This surgery removes the stapes (the innermost of the three small bones of the ear, also called the stirrup bone), which the surgeon then replaces with a small wire or other similar prosthesis. This operation has been in existence for some 35 years and is normally successful in restoring hearing, but it does not have excellent success in reducing the volume of tinnitus. Otosclerosis patients would probably do well to utilize sodium fluoride to help reduce or eliminate tinnitus. The recommended dosage is 40mg/day taken with Vitamin D.


Having considered causes of tinnitus that are readily diagnosable by your medical professional, let us now turn to tinnitus that is probably generated in the ear. The major type of tinnitus discussed below is cochlear synaptic tinnitus. This common type of tinnitus is much more difficult to specifically diagnose, and below I discuss the medications and vitamins being used to treat it which, hopefully, will help you understand more about the this type of tinnitus.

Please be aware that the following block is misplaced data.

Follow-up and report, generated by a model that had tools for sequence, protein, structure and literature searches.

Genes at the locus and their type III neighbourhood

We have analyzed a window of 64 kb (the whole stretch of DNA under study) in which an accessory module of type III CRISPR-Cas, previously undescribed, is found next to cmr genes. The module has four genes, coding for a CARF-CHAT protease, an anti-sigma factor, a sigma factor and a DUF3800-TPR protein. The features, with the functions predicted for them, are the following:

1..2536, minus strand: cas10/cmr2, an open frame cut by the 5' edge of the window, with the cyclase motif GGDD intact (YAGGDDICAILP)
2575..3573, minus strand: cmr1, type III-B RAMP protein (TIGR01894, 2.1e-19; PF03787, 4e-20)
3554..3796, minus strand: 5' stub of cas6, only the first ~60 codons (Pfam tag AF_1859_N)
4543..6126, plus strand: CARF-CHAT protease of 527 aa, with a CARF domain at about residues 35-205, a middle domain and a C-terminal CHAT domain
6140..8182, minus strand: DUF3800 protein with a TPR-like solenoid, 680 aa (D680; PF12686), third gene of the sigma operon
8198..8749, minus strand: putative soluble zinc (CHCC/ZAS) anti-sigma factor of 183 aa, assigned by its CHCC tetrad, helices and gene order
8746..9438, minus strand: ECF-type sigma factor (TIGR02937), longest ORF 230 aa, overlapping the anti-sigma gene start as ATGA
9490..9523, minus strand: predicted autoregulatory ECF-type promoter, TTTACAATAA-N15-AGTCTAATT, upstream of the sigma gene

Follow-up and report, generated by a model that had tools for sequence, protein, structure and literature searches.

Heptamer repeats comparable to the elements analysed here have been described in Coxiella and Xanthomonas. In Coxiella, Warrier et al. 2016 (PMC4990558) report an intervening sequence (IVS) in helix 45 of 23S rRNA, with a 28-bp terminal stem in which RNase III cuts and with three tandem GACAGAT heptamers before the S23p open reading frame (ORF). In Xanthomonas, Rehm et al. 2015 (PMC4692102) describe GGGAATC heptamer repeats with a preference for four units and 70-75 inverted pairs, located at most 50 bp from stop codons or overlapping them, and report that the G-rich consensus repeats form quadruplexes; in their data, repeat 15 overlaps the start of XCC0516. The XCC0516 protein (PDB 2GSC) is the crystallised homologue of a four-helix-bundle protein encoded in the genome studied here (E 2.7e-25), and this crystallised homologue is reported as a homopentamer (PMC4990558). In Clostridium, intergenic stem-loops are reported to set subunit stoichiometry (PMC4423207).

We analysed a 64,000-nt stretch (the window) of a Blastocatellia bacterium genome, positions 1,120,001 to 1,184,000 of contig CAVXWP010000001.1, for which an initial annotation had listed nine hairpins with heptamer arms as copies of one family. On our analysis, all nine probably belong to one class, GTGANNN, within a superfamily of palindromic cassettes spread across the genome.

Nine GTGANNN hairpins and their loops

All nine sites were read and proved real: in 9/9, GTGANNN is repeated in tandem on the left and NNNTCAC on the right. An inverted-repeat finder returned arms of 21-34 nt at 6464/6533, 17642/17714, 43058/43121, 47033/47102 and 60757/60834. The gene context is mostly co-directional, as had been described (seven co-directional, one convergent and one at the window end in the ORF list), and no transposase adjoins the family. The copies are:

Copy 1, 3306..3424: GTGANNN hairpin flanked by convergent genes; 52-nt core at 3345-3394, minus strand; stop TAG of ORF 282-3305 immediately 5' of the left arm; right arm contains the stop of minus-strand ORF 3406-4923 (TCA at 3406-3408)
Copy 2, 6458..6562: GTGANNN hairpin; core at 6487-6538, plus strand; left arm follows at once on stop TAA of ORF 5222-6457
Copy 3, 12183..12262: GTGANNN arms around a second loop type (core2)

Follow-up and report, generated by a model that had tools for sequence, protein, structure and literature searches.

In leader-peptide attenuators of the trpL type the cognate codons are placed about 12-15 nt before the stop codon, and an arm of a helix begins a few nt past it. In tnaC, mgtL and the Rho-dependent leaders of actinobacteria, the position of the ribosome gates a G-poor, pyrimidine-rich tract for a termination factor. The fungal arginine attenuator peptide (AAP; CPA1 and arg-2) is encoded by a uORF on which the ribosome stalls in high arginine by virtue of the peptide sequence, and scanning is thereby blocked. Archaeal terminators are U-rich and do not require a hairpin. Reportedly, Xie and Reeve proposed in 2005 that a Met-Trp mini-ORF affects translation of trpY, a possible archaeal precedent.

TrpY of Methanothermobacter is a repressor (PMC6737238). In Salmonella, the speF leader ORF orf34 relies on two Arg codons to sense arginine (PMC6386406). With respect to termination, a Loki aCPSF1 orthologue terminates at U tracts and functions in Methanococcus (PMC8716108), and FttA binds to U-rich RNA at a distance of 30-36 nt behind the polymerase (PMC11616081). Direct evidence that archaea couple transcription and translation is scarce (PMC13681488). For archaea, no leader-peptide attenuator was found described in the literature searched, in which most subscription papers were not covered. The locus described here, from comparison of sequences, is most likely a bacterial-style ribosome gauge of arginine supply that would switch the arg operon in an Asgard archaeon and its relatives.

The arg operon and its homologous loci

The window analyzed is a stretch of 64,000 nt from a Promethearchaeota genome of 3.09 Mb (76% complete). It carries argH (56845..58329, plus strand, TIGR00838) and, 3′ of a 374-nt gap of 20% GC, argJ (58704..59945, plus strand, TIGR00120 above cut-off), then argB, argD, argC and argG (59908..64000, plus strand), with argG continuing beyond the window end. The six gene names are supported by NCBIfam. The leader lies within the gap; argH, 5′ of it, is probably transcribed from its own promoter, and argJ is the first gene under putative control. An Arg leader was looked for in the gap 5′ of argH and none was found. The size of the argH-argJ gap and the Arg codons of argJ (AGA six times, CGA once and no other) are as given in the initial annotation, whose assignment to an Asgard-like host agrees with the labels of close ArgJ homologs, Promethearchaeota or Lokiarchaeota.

Constant Ear Buzzing

Research reported from 1995-1997 reveals that caroverine, a glutamate antagonist, is successful at reducing tinnitus volume. Glutamate is an amino acid and the brain's most prevalent excitatory neurotransmitter. Glutamate is very important to smooth brain functioning, but too much or too little glutamate can cause a variety of problems. I've talked with a number of people who have gone on the Internet to acquire caroverine. I frankly don't know if it is effective or not. There isn't a lot of current research and it's not an avenue my clients have taken in general. That said. understanding a bit about this might help. To learn more about Tinnitus, you can check out Constant Ear Buzzing.


Related posts:

  1. Ear Buzzing Sound – The Company You Keep
  2. Tinnitus Of The Ear – Questions And Answers About Tinnitus (Part 1)
  3. What Causes Tinnitus In One Ear – Results Of Tinnitus
  4. Roaring In Ear – Medical Explainations Of Tinnitus
  5. Ear Wax Tinnitus – Care Of The Ears